Vietnam’s tuna exports rise, with Israel a potential new market (Friday, September 30, 2016 )

vietnamtunaexportsTuna is Vietnam’s most valuable offshore catch, and the Vietnam Association of Seafood Exporters and Producers is seeking to maximize its growing value on the global market.

 

Tuna caught in Vietnam - mostly yellowfin, but also some bigeye - is almost all exported and is sent around the world. Vietnam exports tuna to 87 markets, with the U.S.A. being the largest buyer, the association said. It was followed by the European Union, ASEAN countries and Japan.

An artisan fleet of approximately 2,000 small wooden vessels catch the fish by longline off the coast of central Vietnam from the holiday resort of Nha Trang in Khan Hoa Province up to Binh Dinh Province to the north. 

From 2002 to 2008, Vietnam's tuna exports increased from 20,700 metric tons to a high of more than 50,000 metric tons. That total was worth about USD 182 million (EUR 163 million) in value at the time, according to an FAO GLOBEFISH report. 

However, even though total catch is down, the value of Vietnam's tuna is up, with the country earned more than USD 266 million (EUR 236 million) for its tuna exports through the first seven months of 2016, according to VASEP, as reported by Vietnam News. That's an increase of 0.9 percent in value of the same period last year, according to VASEP.

So far this year, tuna exports to the U.S. have been worth USD 111.6 million (EUR 99.2 million) to Vietnam, a slight year-on-year increase of 0.5 percent.

Exports of fresh and frozen tuna accounted for more than USD 76.8 million (EUR 68.3 million) of total U.S. exports, up by nearly 11 percent over the same period last year, while exports of processed tuna (code HS 16) decreased by more than 16 percent.

VASEP forecasts that tuna exports to the U.S., ASEAN countries and China will continue to increase. Sales of fresh and frozen tuna, the two major export categories, fell by 9.6 percent compared so far in 2016 compared to the same period last year; however, exports of processed tuna products increased by nearly 12 percent.

Lê Hằng, of VASEP, said Vietnam’s tuna products, especially processed tuna, were subject to high tariffs in many import markets. However, ongoing efforts to reduce tarrifs on processed tuna products, as well as an organized effort to improve the quality of tuna fishing, buying and processing is expected to help improve the nation's competitiveness in the sector, she said.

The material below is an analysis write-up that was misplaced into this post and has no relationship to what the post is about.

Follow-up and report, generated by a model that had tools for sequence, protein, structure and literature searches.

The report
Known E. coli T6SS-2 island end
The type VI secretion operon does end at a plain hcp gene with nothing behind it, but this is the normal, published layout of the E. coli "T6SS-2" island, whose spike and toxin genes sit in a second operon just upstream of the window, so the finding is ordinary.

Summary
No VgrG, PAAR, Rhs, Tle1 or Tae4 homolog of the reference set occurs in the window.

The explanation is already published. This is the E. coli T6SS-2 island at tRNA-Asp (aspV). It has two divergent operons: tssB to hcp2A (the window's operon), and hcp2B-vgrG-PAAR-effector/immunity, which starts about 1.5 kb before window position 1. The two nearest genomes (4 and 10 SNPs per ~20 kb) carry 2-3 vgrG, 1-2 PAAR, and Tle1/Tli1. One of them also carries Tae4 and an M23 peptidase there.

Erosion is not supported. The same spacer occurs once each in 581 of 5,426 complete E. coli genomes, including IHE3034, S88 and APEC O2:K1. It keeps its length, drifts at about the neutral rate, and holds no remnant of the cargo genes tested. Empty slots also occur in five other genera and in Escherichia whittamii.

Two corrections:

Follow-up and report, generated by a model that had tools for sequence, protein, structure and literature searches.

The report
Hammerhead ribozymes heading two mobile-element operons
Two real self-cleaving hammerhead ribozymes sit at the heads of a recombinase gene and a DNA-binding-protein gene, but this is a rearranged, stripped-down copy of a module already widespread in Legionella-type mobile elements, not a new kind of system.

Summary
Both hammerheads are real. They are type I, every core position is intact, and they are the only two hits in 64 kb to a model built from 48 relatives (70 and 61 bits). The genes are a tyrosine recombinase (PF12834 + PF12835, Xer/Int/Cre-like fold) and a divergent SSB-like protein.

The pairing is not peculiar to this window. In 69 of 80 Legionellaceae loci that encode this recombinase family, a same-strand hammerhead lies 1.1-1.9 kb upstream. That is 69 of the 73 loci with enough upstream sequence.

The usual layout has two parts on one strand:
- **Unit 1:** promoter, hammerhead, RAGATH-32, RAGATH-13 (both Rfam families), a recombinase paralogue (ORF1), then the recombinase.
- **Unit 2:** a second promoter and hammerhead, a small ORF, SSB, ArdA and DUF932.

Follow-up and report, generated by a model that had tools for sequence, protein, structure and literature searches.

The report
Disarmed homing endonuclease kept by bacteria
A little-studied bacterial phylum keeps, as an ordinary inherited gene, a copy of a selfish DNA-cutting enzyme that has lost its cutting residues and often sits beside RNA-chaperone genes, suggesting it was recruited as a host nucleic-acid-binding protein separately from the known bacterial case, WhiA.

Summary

Exports to ASEAN member countries have increased by 24.9 percent so far in 2016 compared to the same period last year, but exports to the E.U. and Japan were down by 8.2 percent and 10.6 percent respectively.

In the case of Japan, while fresh and frozen tuna shipments were down by 26.5 percent, exports of processed tuna enjoyed good growth of 10 percent.

Israel is a potential market for Vietnamese tuna products, according to the Africa and Southwest Asia Market Department of the Vietnamese Ministry of Industry and Trade.

Vietnamese tuna exports to Israel in the first half of this year were worth USD 8.6 million (EUR 7.6 million), a year-on-year increase of over 4 percent.

According to VASEP, Israel is one of eight key export markets for Vietnamese tuna and last year Vietnam earned USD 15.5 million (EUR 13.8 million) from exports to that country. Frozen tuna fillet (HS0304 code) currently accounts for approximately 60 percent of Vietnamese tuna exports, and processed tuna (HS16 code) about 30 percent.

With a population with an obesity rate of over 20 percent, the Israeli Ministry of Health has recommended that consumers there eat tuna as a health supplement containing omega 3-fatty acids.

According to United Nations Comtrade statistics, Thailand is the largest tuna exporter to Israel, with an export value of USD 18.6 million (16.5 EUR million) last year.

Israel’s tuna imports from China declined by more than USD 40 million (EUR 36 million) in 2013 to USD 13.9 million (EUR 12.4 million) last year.

VASEP said there is still more room for Vietnam to boost its tuna exports to Israel and, indeed, to increase exports generally. It suggested firms should focus on improving their steaming, drying and canning technologies to boost exports of processed products and increase the product range. In addition, VASEP criticized handling and storage facilities both onboard and ashore in Vietnam primitive and the organization is seeking help from Japan to improve technology and processes in these areas.

With the value of tuna exported from Vietnam experience a dramatic increase, VASEP is confident potential for it to rise still further if Vietnam can improve its technology and marketing.

(The Seafood Source)

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